Apple boss Tim Cook has blasted the European Commission for landing his company with a 13 billion euro (£11 billion) bill for unpaid taxes in Ireland, calling it "political crap, maddening and untrue".
The chief executive expressed his fury at an audit by the watchdog in Brussels, which found it only paid tax of 0.005% in Ireland and 26.1% globally in 2014.
"It's maddening. It's maddening and disappointing," the Apple chief said. "It's clear that this comes from a political place. It has no basis in fact or in law."
From his base in Cupertino in California, Mr Cook told Ireland's state broadcaster Raidió Teilifís Éireann (RTE) the European Commission was over-reaching and attempting to retroactively target Apple and Irish laws with a political ruling.
He said: "When you are accused of something that is so foreign to your values, it brings out an outrage in you. That's how we feel.
"Apple has always been about doing the right thing, never the easy thing."
The company currently has about 6,000 employees and is planning to build a huge data centre in the country.
In a separate interview with the Irish Independent, Mr Cook branded the European Commission ruling "political crap", but made it clear these plans were not going to be dropped in response to the record tax bill.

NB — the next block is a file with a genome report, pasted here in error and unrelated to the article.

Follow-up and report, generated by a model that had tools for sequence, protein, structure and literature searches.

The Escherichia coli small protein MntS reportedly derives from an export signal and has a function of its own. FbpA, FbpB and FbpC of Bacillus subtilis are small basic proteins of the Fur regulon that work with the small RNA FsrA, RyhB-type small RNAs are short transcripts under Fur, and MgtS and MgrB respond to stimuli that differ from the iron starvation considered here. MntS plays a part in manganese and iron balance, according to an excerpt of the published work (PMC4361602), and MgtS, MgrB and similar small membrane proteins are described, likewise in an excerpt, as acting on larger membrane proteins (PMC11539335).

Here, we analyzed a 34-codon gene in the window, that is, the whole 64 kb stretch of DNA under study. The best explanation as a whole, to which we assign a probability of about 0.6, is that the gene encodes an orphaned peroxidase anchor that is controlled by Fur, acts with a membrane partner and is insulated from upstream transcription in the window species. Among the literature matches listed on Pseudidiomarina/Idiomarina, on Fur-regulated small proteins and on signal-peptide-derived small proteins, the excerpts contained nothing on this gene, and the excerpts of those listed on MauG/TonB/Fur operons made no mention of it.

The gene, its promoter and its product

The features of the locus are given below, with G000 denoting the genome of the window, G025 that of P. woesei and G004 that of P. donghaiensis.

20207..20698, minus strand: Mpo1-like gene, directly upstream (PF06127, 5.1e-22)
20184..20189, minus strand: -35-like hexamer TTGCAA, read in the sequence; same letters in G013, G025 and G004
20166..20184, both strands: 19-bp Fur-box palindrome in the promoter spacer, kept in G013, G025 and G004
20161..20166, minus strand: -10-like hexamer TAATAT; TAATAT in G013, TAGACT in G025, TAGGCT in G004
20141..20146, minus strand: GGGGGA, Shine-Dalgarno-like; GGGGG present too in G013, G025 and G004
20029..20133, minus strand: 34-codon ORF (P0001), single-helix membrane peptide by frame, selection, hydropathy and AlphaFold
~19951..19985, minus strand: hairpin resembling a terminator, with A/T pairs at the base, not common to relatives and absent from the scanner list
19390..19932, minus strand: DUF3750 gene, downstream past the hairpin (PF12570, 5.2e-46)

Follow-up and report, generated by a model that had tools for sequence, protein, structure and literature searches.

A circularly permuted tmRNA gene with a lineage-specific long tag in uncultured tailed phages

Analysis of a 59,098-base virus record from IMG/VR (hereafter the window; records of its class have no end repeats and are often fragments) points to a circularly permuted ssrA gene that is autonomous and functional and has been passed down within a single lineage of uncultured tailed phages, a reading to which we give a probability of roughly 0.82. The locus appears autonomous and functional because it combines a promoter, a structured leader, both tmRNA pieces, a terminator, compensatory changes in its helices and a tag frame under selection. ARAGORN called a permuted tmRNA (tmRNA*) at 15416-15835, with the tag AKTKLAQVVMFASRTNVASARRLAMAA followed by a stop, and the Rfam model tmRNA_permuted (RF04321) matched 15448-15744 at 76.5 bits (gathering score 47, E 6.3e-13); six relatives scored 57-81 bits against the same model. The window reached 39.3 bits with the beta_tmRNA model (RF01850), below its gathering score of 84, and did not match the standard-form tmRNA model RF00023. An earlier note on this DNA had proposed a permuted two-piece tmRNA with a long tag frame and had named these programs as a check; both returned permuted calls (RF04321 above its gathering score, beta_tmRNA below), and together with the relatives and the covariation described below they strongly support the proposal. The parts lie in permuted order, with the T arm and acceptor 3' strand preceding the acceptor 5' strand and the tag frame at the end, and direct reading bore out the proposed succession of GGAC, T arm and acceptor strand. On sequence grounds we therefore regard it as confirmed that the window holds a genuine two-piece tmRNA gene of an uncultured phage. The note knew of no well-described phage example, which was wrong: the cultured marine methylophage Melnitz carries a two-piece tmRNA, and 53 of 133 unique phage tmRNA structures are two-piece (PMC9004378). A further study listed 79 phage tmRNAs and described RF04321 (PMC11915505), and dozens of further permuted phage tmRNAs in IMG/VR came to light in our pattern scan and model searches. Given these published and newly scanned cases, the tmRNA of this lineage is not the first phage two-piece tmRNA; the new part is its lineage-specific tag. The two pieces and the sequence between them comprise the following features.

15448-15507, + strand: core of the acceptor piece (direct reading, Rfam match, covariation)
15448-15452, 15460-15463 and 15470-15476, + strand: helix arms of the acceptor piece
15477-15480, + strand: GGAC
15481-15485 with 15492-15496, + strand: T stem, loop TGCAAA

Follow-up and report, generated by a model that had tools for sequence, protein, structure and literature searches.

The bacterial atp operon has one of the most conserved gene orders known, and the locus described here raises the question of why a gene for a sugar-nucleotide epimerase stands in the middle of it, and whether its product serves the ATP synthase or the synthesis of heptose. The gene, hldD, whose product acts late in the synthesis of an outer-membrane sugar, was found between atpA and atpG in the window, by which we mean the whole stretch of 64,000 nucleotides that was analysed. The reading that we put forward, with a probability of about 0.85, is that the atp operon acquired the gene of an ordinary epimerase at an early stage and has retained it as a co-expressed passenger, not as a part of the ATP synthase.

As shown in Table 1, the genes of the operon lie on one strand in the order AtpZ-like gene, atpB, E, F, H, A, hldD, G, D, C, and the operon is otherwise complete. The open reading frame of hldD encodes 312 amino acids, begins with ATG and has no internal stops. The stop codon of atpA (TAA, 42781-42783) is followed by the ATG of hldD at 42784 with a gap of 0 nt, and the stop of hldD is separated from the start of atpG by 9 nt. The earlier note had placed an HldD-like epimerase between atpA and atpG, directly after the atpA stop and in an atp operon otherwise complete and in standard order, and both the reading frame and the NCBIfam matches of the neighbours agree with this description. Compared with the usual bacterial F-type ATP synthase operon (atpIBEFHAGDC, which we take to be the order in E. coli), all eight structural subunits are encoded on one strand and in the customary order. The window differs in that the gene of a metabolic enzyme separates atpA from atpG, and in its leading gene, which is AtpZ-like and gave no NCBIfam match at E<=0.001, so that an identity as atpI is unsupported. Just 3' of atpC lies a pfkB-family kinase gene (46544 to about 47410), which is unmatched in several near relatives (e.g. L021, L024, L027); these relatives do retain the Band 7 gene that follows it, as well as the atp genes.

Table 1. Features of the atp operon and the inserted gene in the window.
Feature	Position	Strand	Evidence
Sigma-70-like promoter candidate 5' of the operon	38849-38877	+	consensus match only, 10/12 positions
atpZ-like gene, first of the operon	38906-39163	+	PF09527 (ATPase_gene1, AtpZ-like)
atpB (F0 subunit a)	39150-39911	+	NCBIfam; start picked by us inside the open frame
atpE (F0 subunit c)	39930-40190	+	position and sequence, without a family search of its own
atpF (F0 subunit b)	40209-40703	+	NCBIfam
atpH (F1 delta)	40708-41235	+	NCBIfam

He said: "Our commitment to Ireland is unwavering. We are not going to let an invalid ruling, a politically based ruling, affect our deep commitment to Ireland."
Independent members of Ireland's fragile minority government are currently seeking legal explanations of the 130-page ruling from Commissioner Margrethe Vestager, and whether they should support Finance Minister Michael Noonan's call for an immediate legal challenge.
Controversy has raged across the country on whether to pursue the unpaid tax and risk the wrath of multinational corporations - which the Irish economy depends heavily upon - or to fight the EU finding.
The cabinet met yesterday (Wednesday), but failed to reach agreement and will meet again on Friday as it puzzles over whether to accept the unprecedented windfall ordered by Brussels.